Major League Baseball’s Looming Labor Crisis

Nathan Tucker
ntucker@lc.edu


In a normal baseball offseason, the biggest talk in the last week of January is usually the anticipation of pitchers and catchers reporting to spring training. This is not a normal baseball offseason, and while there’s still great excitement for the upcoming season, the biggest stories in the sport are Bryce Harper and Manny Machado, two of the biggest stars in baseball who remain unsigned by any major league team, less than three weeks away from the start of spring training.

The Winter Meetings in December, where team representatives met to discuss business would have been many people’s guess for when Harper and Machado would have found a deal suitable to their value. That week of meetings came and went, and neither of the stars signed with a team.

Many players started taking deals at lower rates and shorter terms, as the offers from teams haven’t been nearly as exuberant or as long as they’ve been in the past.

It’s clear that the days of long-term contracts with large amounts of guaranteed money- for example, when Albert Pujols left St. Louis for Anaheim- are long behind us. Owners and teams are being more frugal with the money they have.

Players are feeling an immediate impact by which teams are willing to sign, and how much money those teams are even willing to part with.

Many teams in baseball (and sports on a wider scale) have realized that they can still make money without winning, or even competing, and the phenomena known as “tanking” is now commonplace at the highest levels. Teams have realized that the amount of people attending the game is only good advertising, and it isn’t really necessary to be good to make money, as most of the money in professional sports at the current time comes from extremely lucrative broadcasting rights deals.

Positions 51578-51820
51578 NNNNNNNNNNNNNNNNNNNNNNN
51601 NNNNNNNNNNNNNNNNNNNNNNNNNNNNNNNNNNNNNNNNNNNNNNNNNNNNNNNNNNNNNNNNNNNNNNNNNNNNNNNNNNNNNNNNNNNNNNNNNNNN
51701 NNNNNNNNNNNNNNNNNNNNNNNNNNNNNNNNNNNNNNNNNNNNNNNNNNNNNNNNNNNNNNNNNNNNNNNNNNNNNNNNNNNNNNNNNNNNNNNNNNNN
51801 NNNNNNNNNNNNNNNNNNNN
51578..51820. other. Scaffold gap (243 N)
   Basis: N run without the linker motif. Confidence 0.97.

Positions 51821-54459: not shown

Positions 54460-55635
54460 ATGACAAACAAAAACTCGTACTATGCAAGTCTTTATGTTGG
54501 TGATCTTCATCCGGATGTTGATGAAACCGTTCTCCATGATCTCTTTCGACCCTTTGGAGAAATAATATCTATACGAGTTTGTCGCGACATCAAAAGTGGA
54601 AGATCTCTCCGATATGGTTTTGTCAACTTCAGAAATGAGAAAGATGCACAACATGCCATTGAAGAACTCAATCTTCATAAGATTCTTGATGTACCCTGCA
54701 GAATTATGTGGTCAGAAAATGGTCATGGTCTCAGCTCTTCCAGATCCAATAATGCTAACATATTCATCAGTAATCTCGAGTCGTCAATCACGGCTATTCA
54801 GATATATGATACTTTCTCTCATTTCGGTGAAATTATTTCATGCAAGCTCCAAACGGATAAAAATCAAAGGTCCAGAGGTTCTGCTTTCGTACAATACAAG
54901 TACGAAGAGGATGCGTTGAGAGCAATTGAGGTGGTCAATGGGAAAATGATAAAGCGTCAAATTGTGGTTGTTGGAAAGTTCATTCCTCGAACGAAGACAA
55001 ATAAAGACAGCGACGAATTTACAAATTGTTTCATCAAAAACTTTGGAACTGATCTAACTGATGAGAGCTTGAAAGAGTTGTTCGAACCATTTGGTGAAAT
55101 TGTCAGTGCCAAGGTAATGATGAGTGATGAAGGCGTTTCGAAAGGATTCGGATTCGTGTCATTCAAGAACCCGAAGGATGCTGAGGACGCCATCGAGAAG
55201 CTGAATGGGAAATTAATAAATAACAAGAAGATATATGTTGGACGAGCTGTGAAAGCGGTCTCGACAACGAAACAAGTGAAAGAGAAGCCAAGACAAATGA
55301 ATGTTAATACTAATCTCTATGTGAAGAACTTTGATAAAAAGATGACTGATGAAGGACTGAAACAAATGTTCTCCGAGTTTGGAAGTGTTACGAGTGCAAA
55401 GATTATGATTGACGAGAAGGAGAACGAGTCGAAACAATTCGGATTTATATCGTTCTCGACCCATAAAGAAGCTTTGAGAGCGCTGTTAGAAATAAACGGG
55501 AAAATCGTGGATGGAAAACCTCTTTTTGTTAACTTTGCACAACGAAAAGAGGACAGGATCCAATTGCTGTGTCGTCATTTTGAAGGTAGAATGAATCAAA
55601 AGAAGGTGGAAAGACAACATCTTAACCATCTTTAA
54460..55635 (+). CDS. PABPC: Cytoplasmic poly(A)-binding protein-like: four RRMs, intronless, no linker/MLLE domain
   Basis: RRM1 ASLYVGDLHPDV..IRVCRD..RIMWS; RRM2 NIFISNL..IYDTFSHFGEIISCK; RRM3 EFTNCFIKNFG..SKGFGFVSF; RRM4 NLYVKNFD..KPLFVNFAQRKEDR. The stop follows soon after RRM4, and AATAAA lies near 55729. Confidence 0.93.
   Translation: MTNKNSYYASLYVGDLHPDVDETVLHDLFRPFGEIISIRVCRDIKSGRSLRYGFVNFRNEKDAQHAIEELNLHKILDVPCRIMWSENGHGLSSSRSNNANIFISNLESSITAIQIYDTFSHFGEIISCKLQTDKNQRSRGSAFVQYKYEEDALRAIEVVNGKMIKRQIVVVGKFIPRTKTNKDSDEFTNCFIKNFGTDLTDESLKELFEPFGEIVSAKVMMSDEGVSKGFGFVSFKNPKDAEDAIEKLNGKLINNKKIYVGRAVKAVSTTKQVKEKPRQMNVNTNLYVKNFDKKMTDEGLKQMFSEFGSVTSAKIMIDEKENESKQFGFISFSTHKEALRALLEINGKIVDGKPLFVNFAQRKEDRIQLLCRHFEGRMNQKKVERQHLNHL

For a local example, the Cardinals current television rights deal with Fox Sports Midwest ensures they make a billion dollars over the next fifteen years.

In 2018 the Save America’s Pastime Act was passed by Congress, part of which further exempts minor league baseball players from federal and state minimum wage protection laws, or in simpler words, makes it so teams can pay players under minimum wage.

Minor leaguers, especially those further separated from the major leagues, have never made much money at all, and this act threatens to put further strain on those players as its effects will likely be seen in the coming season.

Someone unfamiliar with the current baseball landscape I’ve covered might infer that baseball is struggling. Or that the MLB is struggling monetarily because teams want to pay free agents less and the league lobbied Congress to pass a bill that so they could pay all minor leaguers more than minimum wage.

That would be a flawed view of the situation. In 2018, Major League Baseball profited $10.3 billion dollars, a record revenue, in a year that was “stagnant for growth”. Fear not, however, as several league-wide broadcasting deals worth billions will make sure that the league makes more money than ever and will continue to make more money than ever.

What is happening here isn’t a singular offseason aberration. Around 150 free agents in baseball have yet to be signed, and as of this writing, half of MLB teams have yet to offer a free agent a contract over one year in length.

Speaking to DC sports station 106.7 The Fan, Nationals closer Sean Doolittle voiced his problems with the current landscape: “I think it’s scary, man, I definitely think it’s something that we’ve obviously been keeping a close eye on over the last few years”

Players have been worrying about these changes far longer than any reporter or columnist or fan. Locker rooms around baseball haven’t been blindsided by this, they know the deal, and they’re not happy.

It’s becoming clear that if MLB doesn’t reverse course, a work stoppage is imminent, as the players creating those record revenues grow frustrated that they are seeing less and less money as the league grows in value.

To many, it might seem silly for millionaire players to complain while still making millions. That attitude simply gives a pass to billionaire team owners, who line their pockets with growing revenues while paying players less. The billionaires here are the only ones with the power to stop this growing labor crisis. But will they?

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